Sign up for the newsletter
Sign up for our listserv

Monday, August 31, 2009

Alternative Transportation Fair

Don't miss this exciting event

Gators looking for an easier way to get around that's better for the planet are in luck. UF is hosting an Alternative Transportation Fair on Tuesday, September 1st at the Reitz Student Union North Lawn.

The fair will run from 9 AM through 2 PM and will feature many local organizations and campus clubs. Organizations will provide information, services, and demonstrations. Students can learn more about cycling on campus, bus transportation opportunities, and can enroll on site for this year's One Less Car Challenge.

A ZipCar will also be on display so visitors can learn about on campus ride-sharing opportunities. Students are encouraged to stop by the North Lawn between classes and learn how to take advantage of all the alternative transportation options Gainesville has to offer.

Wednesday, August 26, 2009

One Less Car Challenge

Take the pledge

Join your fellow Gators and pledge to take alternative transportation on Friday, October 23, One Less Car Day, and throughout the fall semester. Last year, nearly 1800 people participated- avoiding over 48,000 trips and keeping 245 tons of CO2 emissions from entering the atmosphere!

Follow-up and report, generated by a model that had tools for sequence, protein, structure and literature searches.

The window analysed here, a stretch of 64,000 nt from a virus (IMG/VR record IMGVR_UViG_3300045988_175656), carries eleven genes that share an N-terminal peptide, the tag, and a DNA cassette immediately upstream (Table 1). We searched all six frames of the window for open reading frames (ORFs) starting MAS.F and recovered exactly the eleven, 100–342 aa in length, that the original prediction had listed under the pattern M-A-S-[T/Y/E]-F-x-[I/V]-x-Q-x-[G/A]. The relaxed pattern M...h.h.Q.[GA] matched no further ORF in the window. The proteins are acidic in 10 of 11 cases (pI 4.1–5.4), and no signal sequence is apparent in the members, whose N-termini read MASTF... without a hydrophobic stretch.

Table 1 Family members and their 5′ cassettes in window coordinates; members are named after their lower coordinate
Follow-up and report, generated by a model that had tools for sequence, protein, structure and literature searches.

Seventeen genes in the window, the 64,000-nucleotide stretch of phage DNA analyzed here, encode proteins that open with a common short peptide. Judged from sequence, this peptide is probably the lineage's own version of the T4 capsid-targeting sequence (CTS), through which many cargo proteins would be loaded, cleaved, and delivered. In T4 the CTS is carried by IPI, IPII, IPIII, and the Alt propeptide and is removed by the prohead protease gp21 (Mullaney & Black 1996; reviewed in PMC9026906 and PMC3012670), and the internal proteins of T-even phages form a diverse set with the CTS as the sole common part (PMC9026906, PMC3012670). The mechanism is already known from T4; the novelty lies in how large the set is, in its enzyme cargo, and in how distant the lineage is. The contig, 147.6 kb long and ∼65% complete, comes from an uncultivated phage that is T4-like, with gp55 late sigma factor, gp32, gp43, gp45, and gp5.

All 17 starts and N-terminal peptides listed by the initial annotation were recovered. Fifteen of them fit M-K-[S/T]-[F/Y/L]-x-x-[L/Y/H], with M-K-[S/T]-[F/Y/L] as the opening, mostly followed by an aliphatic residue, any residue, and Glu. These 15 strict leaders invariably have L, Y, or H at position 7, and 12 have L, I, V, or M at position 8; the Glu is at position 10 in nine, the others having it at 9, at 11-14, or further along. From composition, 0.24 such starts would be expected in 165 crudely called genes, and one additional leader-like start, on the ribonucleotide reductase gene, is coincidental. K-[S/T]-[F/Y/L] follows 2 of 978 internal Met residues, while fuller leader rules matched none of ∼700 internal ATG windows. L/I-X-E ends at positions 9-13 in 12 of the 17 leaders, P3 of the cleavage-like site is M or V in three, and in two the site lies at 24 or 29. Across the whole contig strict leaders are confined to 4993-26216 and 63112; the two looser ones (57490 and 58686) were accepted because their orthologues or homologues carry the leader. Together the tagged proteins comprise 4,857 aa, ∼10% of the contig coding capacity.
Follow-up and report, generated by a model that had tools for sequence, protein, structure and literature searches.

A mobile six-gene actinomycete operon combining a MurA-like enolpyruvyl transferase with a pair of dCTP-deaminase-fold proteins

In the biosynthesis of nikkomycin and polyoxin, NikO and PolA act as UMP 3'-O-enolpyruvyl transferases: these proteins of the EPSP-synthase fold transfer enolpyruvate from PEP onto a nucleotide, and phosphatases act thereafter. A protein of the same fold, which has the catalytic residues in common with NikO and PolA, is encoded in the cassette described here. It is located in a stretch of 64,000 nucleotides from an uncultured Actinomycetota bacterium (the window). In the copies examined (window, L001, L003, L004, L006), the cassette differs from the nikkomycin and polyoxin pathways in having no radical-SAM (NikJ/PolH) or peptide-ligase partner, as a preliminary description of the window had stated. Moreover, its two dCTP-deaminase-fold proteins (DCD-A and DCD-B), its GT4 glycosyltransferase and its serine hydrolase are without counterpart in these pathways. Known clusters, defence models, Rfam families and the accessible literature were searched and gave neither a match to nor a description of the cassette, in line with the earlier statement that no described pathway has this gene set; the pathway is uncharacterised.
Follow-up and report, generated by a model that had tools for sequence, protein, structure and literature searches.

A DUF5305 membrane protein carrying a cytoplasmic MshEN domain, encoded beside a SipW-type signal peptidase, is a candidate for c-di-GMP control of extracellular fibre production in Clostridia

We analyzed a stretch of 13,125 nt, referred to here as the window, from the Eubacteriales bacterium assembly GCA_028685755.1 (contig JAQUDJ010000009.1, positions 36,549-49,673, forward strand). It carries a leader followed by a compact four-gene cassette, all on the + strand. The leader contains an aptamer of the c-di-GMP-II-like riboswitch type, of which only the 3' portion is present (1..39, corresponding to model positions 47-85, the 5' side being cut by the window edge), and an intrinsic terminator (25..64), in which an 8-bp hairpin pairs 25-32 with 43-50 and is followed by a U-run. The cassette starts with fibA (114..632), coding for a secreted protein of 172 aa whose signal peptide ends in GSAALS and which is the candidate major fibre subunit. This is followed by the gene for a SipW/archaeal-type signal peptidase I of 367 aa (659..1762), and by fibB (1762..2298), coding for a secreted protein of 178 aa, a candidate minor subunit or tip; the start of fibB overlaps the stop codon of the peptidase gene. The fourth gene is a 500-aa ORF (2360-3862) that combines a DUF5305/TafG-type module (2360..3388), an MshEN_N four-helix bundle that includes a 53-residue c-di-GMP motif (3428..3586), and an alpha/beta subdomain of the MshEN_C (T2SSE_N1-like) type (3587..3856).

The campaign kicks off Tuesday, September 1 with an Alternative Transportation Fair on the Reitz Union North Lawn, 9 AM - 2 PM. Alternatives to single occupancy travel include walking, biking, taking the bus, and sharing the ride in a carpool. All participants will receive a button indicating the mode of transportation they have pledged to take, which can be worn throughout the year.

Individuals and teams can track their collective commitment online with our new, easy to use software. This year, the challenge includes points for recruiting new participants, encouraging everyone to invite a friend or coworker to participate. Prizes will be awarded for the most active individuals and teams.

Members of the UF community can get more information, sign-up for the challenge, and join a UF department or organization’s team online.